Disorientation by Elaine Hsieh Chou is an uproarious and bighearted satire – alive with sharp edges, immense warmth, and a cast of unforgettable characters – that asks: who gets to tell our stories? And how does the story change when we finally tell it ourselves?
Twenty-nine-year-old PhD student Ingrid Yang is desperate to finish her dissertation on the late canonical poet Xiao-Wen Chou and never read about ‘Chinese-y’ things. When she accidentally stumbles upon a strange and curious note in the Chou archives, she convinces herself it’s her ticket out of academic hell.
But Ingrid’s in much deeper than she thinks. Her clumsy exploits to unravel the note’s message lead to an explosive discovery, one that upends her entire life and the lives of those around her. With her trusty friend Eunice Kim by her side and her rival Vivian Vo hot on her tail, together they set off a roller coaster of mishaps and misadventures, from campus protests and over-the-counter drug hallucinations, to book burnings and a movement that stinks of Yellow Peril propaganda. In the aftermath, nothing looks the same, including her gentle and doting fiancé . . .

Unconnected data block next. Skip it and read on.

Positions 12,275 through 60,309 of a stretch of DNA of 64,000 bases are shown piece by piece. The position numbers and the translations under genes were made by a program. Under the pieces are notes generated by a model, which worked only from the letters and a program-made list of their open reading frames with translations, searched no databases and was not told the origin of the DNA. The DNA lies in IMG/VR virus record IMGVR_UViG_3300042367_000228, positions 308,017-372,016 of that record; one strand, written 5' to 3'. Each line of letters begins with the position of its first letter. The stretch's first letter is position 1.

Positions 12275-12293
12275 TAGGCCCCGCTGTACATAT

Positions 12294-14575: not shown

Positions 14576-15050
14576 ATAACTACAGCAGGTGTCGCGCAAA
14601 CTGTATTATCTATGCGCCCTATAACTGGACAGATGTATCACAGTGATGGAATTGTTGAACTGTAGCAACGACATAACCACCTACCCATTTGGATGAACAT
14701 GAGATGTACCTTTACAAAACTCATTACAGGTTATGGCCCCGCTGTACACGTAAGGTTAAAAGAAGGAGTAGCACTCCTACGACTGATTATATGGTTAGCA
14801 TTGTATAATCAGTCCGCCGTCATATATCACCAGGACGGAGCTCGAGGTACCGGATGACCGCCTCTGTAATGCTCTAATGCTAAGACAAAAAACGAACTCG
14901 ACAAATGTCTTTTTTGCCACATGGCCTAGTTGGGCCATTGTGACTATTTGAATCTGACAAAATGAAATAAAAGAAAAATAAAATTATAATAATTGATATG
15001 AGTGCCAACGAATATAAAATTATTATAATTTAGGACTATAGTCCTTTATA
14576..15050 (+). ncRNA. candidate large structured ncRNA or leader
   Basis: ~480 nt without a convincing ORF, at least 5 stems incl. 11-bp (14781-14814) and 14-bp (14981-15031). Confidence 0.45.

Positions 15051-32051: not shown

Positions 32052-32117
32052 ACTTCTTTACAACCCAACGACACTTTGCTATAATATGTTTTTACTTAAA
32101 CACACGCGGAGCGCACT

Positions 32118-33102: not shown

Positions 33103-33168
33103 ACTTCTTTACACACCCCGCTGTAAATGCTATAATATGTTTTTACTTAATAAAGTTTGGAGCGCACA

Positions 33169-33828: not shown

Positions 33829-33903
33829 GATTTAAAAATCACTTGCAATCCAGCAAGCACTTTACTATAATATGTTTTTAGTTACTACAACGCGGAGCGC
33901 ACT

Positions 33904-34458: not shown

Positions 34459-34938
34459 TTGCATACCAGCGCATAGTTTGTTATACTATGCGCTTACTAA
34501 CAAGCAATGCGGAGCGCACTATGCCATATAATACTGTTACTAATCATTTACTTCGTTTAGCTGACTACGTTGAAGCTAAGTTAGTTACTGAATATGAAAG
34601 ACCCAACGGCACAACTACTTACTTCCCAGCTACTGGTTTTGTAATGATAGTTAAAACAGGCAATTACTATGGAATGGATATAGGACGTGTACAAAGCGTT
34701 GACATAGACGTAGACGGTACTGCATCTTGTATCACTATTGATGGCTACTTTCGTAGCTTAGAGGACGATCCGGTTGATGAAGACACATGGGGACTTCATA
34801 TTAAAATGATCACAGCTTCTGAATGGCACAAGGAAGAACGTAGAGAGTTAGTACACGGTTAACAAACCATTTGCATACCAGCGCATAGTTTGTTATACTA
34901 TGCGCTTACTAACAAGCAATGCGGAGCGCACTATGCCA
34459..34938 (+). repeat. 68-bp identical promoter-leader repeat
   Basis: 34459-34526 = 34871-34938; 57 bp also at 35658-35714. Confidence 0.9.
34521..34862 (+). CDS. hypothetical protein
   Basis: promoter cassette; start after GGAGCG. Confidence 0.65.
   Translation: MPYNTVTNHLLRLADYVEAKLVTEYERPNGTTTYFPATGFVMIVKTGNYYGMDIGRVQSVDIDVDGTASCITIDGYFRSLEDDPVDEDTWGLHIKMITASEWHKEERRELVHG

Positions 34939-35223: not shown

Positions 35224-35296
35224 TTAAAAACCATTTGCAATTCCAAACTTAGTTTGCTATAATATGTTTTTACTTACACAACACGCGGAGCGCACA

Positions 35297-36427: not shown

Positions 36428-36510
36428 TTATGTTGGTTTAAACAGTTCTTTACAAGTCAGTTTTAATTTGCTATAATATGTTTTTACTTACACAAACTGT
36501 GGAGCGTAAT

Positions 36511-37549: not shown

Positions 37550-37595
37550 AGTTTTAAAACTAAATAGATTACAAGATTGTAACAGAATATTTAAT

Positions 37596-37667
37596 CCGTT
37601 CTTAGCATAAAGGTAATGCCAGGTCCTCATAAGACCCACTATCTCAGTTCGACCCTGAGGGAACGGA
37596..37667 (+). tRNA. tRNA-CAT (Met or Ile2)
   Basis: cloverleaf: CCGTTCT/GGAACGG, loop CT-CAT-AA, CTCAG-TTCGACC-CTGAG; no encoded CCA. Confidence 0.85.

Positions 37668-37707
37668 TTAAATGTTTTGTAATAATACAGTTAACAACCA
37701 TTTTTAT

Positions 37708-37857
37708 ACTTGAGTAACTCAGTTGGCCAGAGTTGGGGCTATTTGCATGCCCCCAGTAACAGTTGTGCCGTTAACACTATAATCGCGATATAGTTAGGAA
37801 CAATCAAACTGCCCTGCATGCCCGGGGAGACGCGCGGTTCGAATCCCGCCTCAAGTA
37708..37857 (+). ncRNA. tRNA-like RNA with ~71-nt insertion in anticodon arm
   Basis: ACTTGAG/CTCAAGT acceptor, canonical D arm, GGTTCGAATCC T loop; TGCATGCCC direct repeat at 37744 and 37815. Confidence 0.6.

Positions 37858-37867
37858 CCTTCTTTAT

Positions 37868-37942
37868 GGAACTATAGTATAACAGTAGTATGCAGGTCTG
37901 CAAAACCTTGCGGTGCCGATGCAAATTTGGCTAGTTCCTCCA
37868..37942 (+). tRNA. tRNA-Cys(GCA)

As the events Ingrid instigated keep spiraling, she’ll have to confront her sticky relationship to white men and white institutions – and, most of all, herself.
'The funniest novel I’ve read all year' – Aravind Adiga, author of The White Tiger
The funniest, most poignant novel of the year
Funny, fearless . . . acutely inspects the power of the white gaze, academic imperialism, peer rivalry and self-hate
A rollicking, whip-smart ride through the hallowed halls of academia